I’d imagined that birth would be a gloriously empowering experience and that trusting my body’s natural inclinations would bring me where I needed to go. I’d imagined an intimate scene at the hospital, with my doula and partner, and few interventions.
Here’s the reality: I didn’t feel remotely like a strong mama warrior; my birth plan went up in flames; I was cranked up with drugs, administered two epidurals, pressured repeatedly by a nurse to “just take the epidural”; and subjected to large hospital audiences during my most vulnerable moments. When it came to pushing time, I was too drugged to feel any sense of connection to my body. I was told that I needed a C-section. The curtain finally came crashing down over the table of the operating room.
I had assumed that breast-feeding would happen intuitively. I’d seen plenty of “Madonna and Child” scenes in Renaissance art collections, after all. As it turned out, breast-feeding was more of a wrestling match with the baby, trying to find perfect angles, positions and latches. My baby’s weight dropped, my anxiety soared, and I felt like an epic mom-failure. It took several trips to a lactation specialist to figure it out.
The media often portrays the post-baby body as easily restored to its former condition. But I woke up to a frail, bandaged body, with reshuffled organs and an empty abdomen with no core. I still looked pregnant and hardly recognized myself in the mirror. My postpartum body bore no resemblance to the one I’d inhabited all of my life.
Some women dream about the “fourth trimester” as sweet bonding time with their babies. For me, as rich as the time was with love and joy, there were also moments of despair and ambivalence about my new responsibilities. While my heart swelled with the new pride of mama-love, it also burned with a strong desire to run for the hills and build a hermit hut. Quite suddenly, I was not the same woman I once was. Gone were those weekends of lazy brunches with friends or road trips along the Pacific with my partner. Gone were the days of basic hygiene and full sleep cycles, for that matter. A new order was in town. The parts of me felt rearranged like a puzzle: physically, mentally, emotionally and spiritually. It was on me to figure out how to put myself back together.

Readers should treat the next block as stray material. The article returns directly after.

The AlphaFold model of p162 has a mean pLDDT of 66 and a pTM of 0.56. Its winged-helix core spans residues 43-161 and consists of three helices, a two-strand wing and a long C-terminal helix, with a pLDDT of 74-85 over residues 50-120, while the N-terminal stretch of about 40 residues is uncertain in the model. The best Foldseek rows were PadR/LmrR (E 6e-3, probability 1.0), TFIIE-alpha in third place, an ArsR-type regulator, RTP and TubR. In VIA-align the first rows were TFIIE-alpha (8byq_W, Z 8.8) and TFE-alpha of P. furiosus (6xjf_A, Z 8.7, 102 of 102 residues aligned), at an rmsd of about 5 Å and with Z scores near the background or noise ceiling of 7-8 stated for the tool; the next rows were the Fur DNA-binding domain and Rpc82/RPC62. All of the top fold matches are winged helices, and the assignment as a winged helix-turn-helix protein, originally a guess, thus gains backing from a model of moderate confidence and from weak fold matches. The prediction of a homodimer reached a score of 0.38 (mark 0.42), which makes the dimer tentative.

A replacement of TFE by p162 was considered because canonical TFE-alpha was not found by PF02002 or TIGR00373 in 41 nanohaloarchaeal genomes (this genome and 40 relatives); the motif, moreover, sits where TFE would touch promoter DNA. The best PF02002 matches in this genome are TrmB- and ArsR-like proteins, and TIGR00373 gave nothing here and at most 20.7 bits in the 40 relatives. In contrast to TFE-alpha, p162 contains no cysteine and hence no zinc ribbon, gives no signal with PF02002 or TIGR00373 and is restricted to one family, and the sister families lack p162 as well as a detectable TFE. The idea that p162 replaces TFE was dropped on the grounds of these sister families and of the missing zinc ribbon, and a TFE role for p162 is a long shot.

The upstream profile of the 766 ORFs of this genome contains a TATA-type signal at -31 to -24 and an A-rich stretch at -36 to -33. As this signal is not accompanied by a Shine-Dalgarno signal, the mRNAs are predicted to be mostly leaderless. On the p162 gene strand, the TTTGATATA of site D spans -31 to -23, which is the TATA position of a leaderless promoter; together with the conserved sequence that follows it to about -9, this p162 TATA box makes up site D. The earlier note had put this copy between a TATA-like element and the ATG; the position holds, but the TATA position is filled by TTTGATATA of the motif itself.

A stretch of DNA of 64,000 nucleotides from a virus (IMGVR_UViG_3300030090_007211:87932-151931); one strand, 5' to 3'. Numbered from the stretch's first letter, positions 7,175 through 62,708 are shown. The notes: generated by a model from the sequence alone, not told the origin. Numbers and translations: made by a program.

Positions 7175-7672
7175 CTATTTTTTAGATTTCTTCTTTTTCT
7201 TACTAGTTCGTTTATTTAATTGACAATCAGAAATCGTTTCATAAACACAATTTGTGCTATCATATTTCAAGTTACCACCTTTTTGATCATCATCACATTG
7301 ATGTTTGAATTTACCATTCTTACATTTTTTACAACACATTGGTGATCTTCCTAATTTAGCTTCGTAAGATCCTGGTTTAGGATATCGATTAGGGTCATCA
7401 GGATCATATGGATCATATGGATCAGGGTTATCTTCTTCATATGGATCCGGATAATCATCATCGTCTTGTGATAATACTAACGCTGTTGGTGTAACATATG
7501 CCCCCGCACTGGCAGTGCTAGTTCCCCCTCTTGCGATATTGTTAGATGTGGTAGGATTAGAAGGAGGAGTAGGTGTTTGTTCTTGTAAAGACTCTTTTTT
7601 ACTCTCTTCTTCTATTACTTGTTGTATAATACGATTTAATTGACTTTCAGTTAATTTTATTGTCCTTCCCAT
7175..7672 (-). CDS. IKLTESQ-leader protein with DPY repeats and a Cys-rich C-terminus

For some reason, mothers often choose to keep mum about the challenges of motherhood. I am not sure why. Perhaps it is denial, shame, evolutionary wiring (to ensure procreation) or a protective tendency. Whatever the case, this gesture of ignoring some of the more difficult emotions that mothers experience, while conveying the illusion of total joy, can be damaging to new moms, who may feel isolated, inadequate or blindsided as a result of one-sided depictions of motherhood. I felt raw, ragged, shocked, anxious, trapped, sad and angry about this new phase of my life. It took a good year to get a handle on my emotions and gain perspective.
Labor begins and ends. But motherhood, if you are so blessed, can be for a lifetime. Although nothing or nobody can totally prepare you, I think that we mothers owe it to each other to at least try. Sharing our stories can create more texture and nuance in a historically one-dimensional portrayal of motherhood. And providing realistic glimpses into the true experience will help mothers to devise more realistic expectations.
To all you new mamas out there, I’d like to say: “Congratulations!” But, most of all, I’d like to say: “You are not alone.”
Ariella Cook-Shonkoff is a psychotherapist, art therapist and mother of two daughters living in the San Francisco Bay area. She holds a bachelor’s in English from Skidmore College.